On a Sunday in 2006, eight Marines were on foot patrol in southern Iraq when a improvised explosive device—or roadside bomb—exploded directly under the feet of 1st Lieutenant Andrew Kinard.
He became known as a one-in-a-million Marine because of his slim chance of survival. But after a month-long coma, near-death experiences and 74 surgeries, he is alive and well.
Kinard spent Wednesday evening at talking to the New Rochelle community. He shared his story of perseverance and shed light on the dark realities of veterans returning home from the War in Iraq.
After the roadside bomb detonated, both of Kinard’s legs had to be amputated to the extent of having just one joint in his right leg and none in his left. During a time where he seemed to have lost everything, he found a purpose—a purpose that he said that is bigger than him.
“Looking down in the hospital room with tubes coming out of my mouth and nose … and seeing this empty void where my legs used to be and picturing this new form of me,” Kinard said. “I realized it’s not what I lost that mattered but what I still had.”
And what he still had was his will to live—inspired by a Marine clerk who saved his life on the plane coming to the United States.
Kinard said the clerk looked him over to make sure everything was OK because he didn’t think it was.
“When he looked closer, he noticed the clamp on my artery had become dislodged on the impact of the landing and I was bleeding out right before his eyes,” he said. “He could’ve walked away and said this isn’t my job, but he didn’t. He said let me make a difference here.”
Kinard said he is thanking that clerk through serving as a role model and exemplifying his message that one should always prepare for the unexpected.
“The nature of these things [roadside bombs] is you never see them coming,” he said. “You’re walking along one day and lightning strikes.”
The bomb changed the course of his life but he has decided he will still try to make an impact on the world. He is currently in the process of completing a joint degree from Harvard Law School as well as Harvard Business School while serving on the board of directors for the Wounded Warrior Project, an organization that provides veterans with what they need through legislative lobbying and programs.
Kinard’s awards and decorations include the Purple Heart, Navy Achievement Medal with Combat “V” and the Combat Action Ribbon, among others.
Iona College President Dr. Joseph Nyre said Kinard shed light on subjects students might not be aware of.
“He helps our students understand the sacrifice individuals make,” Nyre said, “because freedom is not free, and he gives perspective to students how to overcome hardships.”
Not all sacrifices are as visual as Kinard’s. In his speech, he created awareness for the veterans who suffer in silence.
“I had it easy,” Kinard said. “I get credit for what I’ve done. But the difficulty is with guys who are dealing with a whole lot, mentally and emotionally. And yet they don’t look any different from any other guy walking down the street.”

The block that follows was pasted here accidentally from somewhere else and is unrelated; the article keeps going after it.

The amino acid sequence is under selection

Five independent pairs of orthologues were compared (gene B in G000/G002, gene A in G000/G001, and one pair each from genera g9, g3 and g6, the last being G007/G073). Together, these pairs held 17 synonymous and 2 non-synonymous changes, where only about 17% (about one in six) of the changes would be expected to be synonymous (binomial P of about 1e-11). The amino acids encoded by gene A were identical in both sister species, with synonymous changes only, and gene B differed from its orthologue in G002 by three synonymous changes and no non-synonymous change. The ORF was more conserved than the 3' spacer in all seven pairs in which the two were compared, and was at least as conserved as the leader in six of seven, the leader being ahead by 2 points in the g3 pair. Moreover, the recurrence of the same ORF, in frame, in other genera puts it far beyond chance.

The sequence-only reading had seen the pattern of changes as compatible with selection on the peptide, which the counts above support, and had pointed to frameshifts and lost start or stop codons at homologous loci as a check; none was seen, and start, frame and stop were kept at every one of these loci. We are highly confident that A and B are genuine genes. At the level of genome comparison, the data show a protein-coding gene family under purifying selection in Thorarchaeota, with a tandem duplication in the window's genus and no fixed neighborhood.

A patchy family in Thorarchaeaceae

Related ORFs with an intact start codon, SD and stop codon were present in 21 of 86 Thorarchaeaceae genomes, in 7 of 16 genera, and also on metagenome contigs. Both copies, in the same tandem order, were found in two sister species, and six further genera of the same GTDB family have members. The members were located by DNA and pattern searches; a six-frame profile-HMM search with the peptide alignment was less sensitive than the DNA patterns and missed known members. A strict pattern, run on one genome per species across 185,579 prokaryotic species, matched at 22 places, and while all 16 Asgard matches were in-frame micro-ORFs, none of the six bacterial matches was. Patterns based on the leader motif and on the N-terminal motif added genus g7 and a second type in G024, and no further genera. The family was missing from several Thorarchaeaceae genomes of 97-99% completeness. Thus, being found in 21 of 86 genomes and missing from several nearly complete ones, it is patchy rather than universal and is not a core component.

He is referring to post traumatic stress disorder. He said more than 300,000 veterans have had to face psychological trauma after returning home. PTSD has claimed the lives of numerous veterans, including one of Kinard’s comrades and friend, who suffered brain damage from the explosion and committed suicide a month before the five-year anniversary of the attack.
Among those listening to Kinard was Jim Murphy, a veteran and a member of the American Legion in New Rochelle, who believes “war illiteracy” is a contributing factor to the high rate of veterans suffering from PTSD.
He explained what “war illiteracy” was: “It’s the total disconnect from the war. A vast majority of [the] civilian population doesn’t follow the events [of the Iraq War].” His point is that returning veterans with physical or psychological trauma are not embraced by the general public as much as they should be.
This makes local veteran organizations such as Veterans of Foreign Wars and United Veterans of New Rochelle crucial, Murphy said, because they connect veterans with the community and provide a place where veterans can gather to meet and talk with other veterans.
Kinard story of finding a higher purpose in the darkest of times left an impression on Iona College senior Annmarie Stepancic, 21, of Olivebridge.
She called Kinard an inspiration and thought his focus on attitude, especially during failure, was insightful, adding it was an honor and a privilege to hear him spead at the college.
“As college students who strive to do our best whether it be in the classroom, on the field, or whatever our interest,” Stepancic said. “I think we forget that failure is necessary to succeed. It is during failure, as Lt. Kinard noted, that we discover ourselves and appreciate the many blessings we have in our lives.”